In particular, the report cites the effects increased temperatures and heat waves have on essential food crops — in most cases lowering productivity — and warns of food availability and price swings that could lead to civil unrest in countries that are already having problems meeting the basic needs of their citizens. Climate change has already begun to hold back wheat and maize yields, the report found.
“Global temperature increases of 7.2 degrees Fahrenheit or more above late-20th century levels, combined with increasing food demand, would pose large risks to food security globally and regionally,” the report said.
The report says that the world is ill-prepared to manage the risks from a changing climate, and that if warming proceeds along the high end of the possible range of outcomes, climate change may overwhelm even the most well-prepared and wealthy nations. It paints a bleak picture of a hotter, more unstable future in which the combination of climate change and population growth combine to overwhelm the capacity of natural and human systems, resulting in increased poverty, conflict, and species extinction.
Societies can adapt to some of these impacts, the report says, but not all — especially if the amount and rate of warming during the 21st century turns out to be close to a worst-case scenario.
“With high levels of warming that result from continued growth in greenhouse gas emissions, risks will be challenging to manage, and even serious, sustained investments in adaptation will face limits,” said Chris Field, a scientist at the Carnegie Institution in California, who co-chaired the working group that produced the report.
“We’re not in an era where climate change is some sort of future hypothetical,” Field told reporters on Sunday. “There is no question that we live in a world that’s already altered by climate change.”
The report, which is the product of more than 300 lead authors and hundreds more contributing authors, focuses on climate change impacts as well as opportunities to adapt to a changing climate and reduce the global community’s vulnerability to climate change-related impacts. Such impacts include heavy precipitation events and coastal flooding.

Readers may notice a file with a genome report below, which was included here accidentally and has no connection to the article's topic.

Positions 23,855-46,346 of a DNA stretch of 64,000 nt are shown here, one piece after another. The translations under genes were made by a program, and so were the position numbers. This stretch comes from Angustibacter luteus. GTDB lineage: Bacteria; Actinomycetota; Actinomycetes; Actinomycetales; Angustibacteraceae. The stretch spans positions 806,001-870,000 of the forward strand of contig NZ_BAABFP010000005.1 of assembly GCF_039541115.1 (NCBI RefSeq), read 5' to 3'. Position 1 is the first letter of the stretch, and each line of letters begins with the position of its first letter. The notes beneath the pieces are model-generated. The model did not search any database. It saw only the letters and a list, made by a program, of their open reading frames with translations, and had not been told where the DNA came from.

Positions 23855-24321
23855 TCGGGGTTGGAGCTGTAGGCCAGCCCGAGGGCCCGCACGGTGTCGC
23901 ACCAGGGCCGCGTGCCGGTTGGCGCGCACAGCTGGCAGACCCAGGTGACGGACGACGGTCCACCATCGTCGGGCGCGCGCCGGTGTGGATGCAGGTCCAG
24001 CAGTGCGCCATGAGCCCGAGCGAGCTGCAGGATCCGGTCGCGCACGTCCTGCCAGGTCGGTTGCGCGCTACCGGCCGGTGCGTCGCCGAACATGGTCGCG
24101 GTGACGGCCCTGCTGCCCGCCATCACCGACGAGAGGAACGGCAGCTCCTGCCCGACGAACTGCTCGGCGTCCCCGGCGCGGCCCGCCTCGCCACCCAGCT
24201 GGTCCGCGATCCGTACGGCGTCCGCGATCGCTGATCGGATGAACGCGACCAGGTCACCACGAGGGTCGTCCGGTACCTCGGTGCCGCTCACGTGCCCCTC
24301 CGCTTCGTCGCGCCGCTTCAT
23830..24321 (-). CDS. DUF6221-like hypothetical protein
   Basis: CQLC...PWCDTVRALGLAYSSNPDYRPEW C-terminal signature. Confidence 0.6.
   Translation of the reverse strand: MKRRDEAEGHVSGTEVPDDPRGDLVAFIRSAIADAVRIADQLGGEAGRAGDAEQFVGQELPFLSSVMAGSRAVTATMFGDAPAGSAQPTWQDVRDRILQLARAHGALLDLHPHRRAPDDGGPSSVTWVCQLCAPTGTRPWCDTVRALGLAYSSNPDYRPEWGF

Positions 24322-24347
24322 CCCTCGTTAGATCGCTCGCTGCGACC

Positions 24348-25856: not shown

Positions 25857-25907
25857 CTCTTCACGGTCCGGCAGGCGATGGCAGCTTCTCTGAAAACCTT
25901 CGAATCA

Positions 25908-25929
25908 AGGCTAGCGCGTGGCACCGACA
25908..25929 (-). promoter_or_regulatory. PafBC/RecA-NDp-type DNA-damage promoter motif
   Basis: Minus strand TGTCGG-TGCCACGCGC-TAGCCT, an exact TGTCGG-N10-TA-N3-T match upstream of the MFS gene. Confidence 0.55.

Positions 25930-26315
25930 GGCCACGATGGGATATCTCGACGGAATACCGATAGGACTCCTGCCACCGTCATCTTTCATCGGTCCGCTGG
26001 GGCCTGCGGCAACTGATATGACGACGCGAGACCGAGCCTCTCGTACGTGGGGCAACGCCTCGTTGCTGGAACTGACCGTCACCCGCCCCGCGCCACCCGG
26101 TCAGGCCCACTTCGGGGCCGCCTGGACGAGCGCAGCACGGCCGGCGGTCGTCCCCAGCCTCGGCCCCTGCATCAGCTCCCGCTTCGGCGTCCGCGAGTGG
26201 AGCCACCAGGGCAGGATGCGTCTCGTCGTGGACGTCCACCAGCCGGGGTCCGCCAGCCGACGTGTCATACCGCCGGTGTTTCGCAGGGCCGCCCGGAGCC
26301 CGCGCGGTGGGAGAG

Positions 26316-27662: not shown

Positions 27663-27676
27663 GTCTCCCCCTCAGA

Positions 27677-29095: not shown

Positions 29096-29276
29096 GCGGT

In many cases, we are not prepared for the climate-related risks that we already faceIn many cases, we are not prepared for the climate-related risks that we already face.
This report is part of the fifth major assessment of climate science from the IPCC, which is an intergovernmental body tasked with reviewing the state of climate science every several years, and issuing reports meant to inform policymakers. The first part of this latest IPCC assessment, on the physical evidence of climate change, was published in September 2013.
That report found that there is at least 95% certainty that humans have "been the dominant cause of the observed warming since the mid-20th century." It also projected global average surface temperatures are likely to exceed 2.7 degrees Fahrenheit above pre-industrial levels by the end of the century, and will likely range from 0.54 degrees Fahrenheit to 8.64 degrees Fahrenheit above 1986-2005 levels, depending on the sensitivity of the climate as well as the amount of greenhouse gas emissions.